3. A primary culture no earlier than 24 hours after collection followed by a secondary culture no earlier than day 4

4. A primary culture no earlier than 24 hours after collection followed by a rapid test within 24 hours of transfusion after day 3

Note: Bacterial testing to extend dating beyond day 5 and up to day 7 must be performed with devices labeled as a safety measure. Platelet storage containers must be cleared or approved by FDA for 7-day storage.

We examine the relative merits and vulnerabilities of the test strategies recommended by the FDA guidance as updated in 2020.


Testing Technologies for Detection of Bacteria in Platelets

Primary culture

Primary culture has been typically conducted in the US by aseptically sampling 8 mL from a platelet bag around 24 hours after collection and inoculating the sample into an aerobic bottle only. The process is automated to colorimetrically detect the generation of carbon dioxide as bacteria grow. The Guidance stipulates a sample must be taken of at least 16 mL divided evenly into aerobic and anaerobic bottles after a 24-hour hold. A 12-hour minimum incubation is recommended. Only the mother bag must be sampled, although splits may be cultured.

Large Volume Delayed Sampling (LVDS) after no less than 36 or 48 hours

LVDS attempts to address the limitation of sampling errors inherent in the 24-hour culture test where bacteria may not be recovered due to extremely low levels. LVDS endeavors to improve recovery of bacteria by allowing bacterial growth to occur over an additional 12-24 hours. In addition, the sampling volume is doubled from 8 mL to 16 mL inoculated evenly into aerobic and anaerobic culture media. A 12-hour minimum incubation is recommended. These two measures increase the chances of detection in that the bacterial population would have increased after a longer growth period and that bacterial recovery is more efficient with the larger volume.

Pathogen reduction

Pathogen reduction is not an analytical method but a bactericidal treatment process wherein bacterial DNA are crosslinked irreversibly with psoralen (INTERCEPT™, Cerus Corporation) or riboflavin (MIRASOL®, Terumo BCT) activated by UV radiation in specialized treatment bags. After the crosslinking process is complete, the residual treatment reagents are removed (in the case of psoralen) and the PR-treated platelets transferred to a new storage bag. In current practice, there are no QC checks on the success and efficiency of the bactericidal process. In addition, PR-treated platelets are released and stored without further testing for post-treatment bacterial contamination and proliferation, on the assumption that the reduction by 5-7 logs of viable bacteria in laboratory studies is enough to ensure safety in clinical practice. Bacterial spores are not susceptible to PR treatment.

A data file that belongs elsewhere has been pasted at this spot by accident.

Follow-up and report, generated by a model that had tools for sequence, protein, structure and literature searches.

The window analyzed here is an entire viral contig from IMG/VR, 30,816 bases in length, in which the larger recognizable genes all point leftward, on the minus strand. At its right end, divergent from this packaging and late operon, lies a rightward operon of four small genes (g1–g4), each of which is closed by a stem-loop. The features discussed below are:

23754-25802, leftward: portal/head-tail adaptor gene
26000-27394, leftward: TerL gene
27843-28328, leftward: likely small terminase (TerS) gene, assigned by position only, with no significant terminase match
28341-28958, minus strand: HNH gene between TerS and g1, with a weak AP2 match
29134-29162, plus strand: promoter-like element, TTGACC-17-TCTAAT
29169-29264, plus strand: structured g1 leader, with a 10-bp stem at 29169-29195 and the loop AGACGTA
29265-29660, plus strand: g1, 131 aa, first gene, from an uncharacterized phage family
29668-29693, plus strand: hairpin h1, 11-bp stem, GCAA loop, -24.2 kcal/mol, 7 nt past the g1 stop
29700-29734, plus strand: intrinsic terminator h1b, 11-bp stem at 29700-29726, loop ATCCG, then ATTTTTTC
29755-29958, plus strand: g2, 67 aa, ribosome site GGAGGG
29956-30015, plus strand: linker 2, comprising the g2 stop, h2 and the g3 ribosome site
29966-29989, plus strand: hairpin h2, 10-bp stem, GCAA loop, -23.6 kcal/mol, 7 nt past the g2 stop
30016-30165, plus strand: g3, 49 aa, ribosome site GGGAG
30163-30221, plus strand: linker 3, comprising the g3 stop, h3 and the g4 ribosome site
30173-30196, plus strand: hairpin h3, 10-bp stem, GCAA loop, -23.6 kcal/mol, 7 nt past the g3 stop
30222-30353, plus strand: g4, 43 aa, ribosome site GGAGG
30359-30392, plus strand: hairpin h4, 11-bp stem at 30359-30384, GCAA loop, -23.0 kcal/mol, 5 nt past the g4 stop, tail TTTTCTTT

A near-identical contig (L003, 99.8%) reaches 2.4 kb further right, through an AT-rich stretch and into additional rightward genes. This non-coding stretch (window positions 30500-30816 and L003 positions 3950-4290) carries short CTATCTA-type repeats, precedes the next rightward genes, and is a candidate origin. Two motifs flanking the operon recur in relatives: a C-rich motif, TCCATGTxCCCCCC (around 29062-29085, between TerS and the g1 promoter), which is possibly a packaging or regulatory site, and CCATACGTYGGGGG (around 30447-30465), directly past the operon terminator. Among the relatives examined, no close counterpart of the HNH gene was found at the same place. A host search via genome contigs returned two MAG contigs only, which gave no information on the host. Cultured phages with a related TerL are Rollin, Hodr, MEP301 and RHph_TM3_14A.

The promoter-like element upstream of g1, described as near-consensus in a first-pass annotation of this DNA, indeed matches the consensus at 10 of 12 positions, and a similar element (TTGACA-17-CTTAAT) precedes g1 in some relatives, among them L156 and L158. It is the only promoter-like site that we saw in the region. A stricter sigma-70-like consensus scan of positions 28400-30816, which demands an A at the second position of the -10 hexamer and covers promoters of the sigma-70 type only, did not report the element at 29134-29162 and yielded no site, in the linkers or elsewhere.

Rapid tests

The Verax Pan Genera Detection (PGD) rapid assay technology has been used as a day of transfusion “safety measure” since 2007. It is a single-use lateral flow immunoassay for the detection of Gram-positive (GP) and Gram-negative (GN) bacteria. It has recently been updated to PGDprime (Figure 1), simplifying the test procedure, improving specificity and sensitivity, and widening the breadth of bacterial detection [4]. It requires ~200 μL of sample.

The test detects bacteria at or below their relevant concentrations in platelets associated with incipient patient sepsis (threshold of toxicity). Jacobs et al. [5] and Kundrapu et al. [6] published retrospective studies correlating CFU/mL levels of specific bacteria found in platelets and the morbidity observed in transfused patients. Minor toxicity effects were observed at 104 CFU/ mL for a few bacteria while the great majority of cases with moderate to severe toxicity were correlated with bacterial loads of 105 - 106 CFU/mL or greater.

The use of the Pan Genera rapid test on the day of transfusion has enabled interdiction of many of those platelets which primary culture at 24 hours had missed [7-9]. The rapid test can detect bacteria that may have been missed by culture at 24 hours, had contaminated the bag during storage and handling, and bacteria that initiated its log phase growth days after collection.


Review of FDA-Recommended Testing Strategies